When my father arrived to the United States he was graduate student and a junior engineer at IBM so he didn’t have the money to bring my mother and siblings here all at once.  He worked and saved and one by one brought my mother, my siblings and finally me, the youngest of three.  Up until age 7, I lived in India and was being raised by my grandmother.  Needless to say it was an abrupt change to come to the United States to join my family.  Upon arrival I did not speak English, but with the help of Sesame Street and dedicated public school teachers I quickly learned English and assimilated to life in America.  When I was a senior in high school, my father faced a major health crisis and eventually lost his job. I got a job working at a fast food restaurant. I applied for student loans, obtained Pell grants, and worked my way through college to become a civil engineer.  I married my college sweetheart, we moved to Maryland, built a home, and together we raised three daughters and a few dogs.

What prompted that first foray into politics, as a Civil Engineer, a Transportation engineer that took the plunge into the challenging world of politics. How has the experience of politics enriched your life?

I have had the privilege of being a public servant for my entire career as Civil Engineer.  It was the 2000

Aruna Miller Family: (L-R) David, Sasha, Aruna, Chloe, Grandma Hema & Meena (Dogs) Kiwi, Lucy & Scout

Bush v Gore election where the fate of our country was not determined by the voters but rather by the Supreme Court, that I realized that civic responsibility was more than just voting it was about political engagement.  I immediately got engaged at the grassroots level of our Democratic party.  Eventually, in 2010 I decided to run for office and was elected to the Maryland General Assembly. Serving in the General Assembly has been an honor.  Not only have I been able to cast historic votes to enact marriage equality, increase the minimum wage, support DREAM kids and repeal the death penalty, I have been able to help individual constituents navigate through our government to solve difficult problems.  Each person’s life you can touch in a positive way is a wonderfully positive experience.

And now a run for Congress. How do you expect this election to play out for you? What are your strengths that have done well for you in previous elections?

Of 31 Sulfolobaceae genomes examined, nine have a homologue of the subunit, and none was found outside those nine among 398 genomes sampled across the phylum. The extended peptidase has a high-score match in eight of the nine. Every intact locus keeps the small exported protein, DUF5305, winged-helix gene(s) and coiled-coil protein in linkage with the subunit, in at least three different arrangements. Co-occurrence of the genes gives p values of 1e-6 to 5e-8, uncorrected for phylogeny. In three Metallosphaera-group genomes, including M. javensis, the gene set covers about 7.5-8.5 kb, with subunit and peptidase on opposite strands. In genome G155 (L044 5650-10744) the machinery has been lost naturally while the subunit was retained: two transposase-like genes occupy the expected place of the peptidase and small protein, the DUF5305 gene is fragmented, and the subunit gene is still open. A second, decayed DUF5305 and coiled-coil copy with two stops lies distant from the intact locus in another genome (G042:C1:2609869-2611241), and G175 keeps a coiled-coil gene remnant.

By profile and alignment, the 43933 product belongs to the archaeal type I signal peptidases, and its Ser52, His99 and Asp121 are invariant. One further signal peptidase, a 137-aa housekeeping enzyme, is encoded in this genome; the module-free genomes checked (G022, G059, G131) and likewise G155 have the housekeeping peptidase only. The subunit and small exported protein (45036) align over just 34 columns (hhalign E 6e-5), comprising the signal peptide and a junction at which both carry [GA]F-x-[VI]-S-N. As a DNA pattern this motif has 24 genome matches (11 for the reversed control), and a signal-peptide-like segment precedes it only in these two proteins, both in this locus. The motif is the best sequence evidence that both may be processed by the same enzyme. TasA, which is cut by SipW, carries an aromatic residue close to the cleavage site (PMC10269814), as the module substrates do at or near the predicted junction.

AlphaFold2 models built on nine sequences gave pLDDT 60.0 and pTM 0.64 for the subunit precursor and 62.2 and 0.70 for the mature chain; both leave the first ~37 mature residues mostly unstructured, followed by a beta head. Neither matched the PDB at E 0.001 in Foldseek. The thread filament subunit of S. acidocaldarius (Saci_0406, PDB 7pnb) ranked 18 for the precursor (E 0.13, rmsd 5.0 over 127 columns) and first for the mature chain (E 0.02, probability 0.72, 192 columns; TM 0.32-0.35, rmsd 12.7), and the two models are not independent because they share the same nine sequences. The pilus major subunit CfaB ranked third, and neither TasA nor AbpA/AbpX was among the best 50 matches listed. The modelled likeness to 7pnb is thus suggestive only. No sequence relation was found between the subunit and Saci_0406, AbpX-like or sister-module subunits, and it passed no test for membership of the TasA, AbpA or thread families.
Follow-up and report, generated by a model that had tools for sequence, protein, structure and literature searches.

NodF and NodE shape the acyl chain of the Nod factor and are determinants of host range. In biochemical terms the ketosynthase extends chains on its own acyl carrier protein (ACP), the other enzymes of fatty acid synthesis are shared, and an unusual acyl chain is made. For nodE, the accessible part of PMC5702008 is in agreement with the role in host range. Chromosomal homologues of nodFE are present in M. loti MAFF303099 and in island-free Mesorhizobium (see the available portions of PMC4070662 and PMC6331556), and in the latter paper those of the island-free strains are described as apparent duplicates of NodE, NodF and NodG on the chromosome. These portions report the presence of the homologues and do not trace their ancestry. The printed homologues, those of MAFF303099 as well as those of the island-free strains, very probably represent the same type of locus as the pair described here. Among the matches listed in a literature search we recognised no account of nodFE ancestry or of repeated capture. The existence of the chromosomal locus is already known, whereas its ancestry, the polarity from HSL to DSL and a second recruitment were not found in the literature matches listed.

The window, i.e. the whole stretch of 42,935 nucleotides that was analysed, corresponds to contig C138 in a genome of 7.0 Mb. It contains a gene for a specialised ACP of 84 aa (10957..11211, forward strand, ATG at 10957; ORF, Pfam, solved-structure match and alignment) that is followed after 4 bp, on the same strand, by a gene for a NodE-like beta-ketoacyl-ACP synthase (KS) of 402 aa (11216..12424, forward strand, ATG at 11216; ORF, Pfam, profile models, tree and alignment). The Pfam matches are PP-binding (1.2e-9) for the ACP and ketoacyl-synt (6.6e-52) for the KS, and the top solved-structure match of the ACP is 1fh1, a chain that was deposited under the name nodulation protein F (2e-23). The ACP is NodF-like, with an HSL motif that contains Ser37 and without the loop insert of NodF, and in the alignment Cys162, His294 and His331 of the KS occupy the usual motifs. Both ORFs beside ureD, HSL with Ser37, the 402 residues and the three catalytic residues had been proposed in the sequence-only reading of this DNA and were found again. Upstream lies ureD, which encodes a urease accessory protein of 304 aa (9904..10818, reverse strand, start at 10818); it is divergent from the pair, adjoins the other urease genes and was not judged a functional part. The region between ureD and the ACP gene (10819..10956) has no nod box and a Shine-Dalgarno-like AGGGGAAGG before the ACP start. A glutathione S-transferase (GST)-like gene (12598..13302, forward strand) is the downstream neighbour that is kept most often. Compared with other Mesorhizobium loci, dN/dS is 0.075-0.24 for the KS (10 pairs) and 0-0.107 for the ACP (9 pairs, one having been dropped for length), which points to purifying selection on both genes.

Since beginning my career in politics, my message has always been about a government that works for the people. It’s important now more than ever that we build an America for the 21st century through investing in education, ensuring our labor policies reflect the needs of modern-day working families and that we promote the clean, green and high-tech jobs of future.  I believe if we have enough resources to get our message out people will respond and campaign will be successful winning the Maryland’s Sixth Congressional District.

How demanding has it  been for you to be a community leader, while juggling the demands of family, life and everything else?

Elementary School Visit
Aruna Miller has participated several years in the Teacher for a Day program that allows legislators to be participate in teaching a class to understand complexities of education

Running for or serving in political office requires sacrifices from everyone in the family.  I have been blessed that from the beginning my family has always been very supportive. Even with the demanding schedule, it’s important to block time out to spend with my family.  While my daughters are now living away from home at school and working, like many people of my generation I am caring for an aging parent.  After my father passed away in 1999, my mother has lived with our family in Maryland.  It has been a wonderful experience for all of us to have multigenerational household but it can present challenges, especially with a demanding schedule. These challenges are not unique.  Like many of the people I represent we make the necessary sacrifices and juggling to keep both career and family life afloat.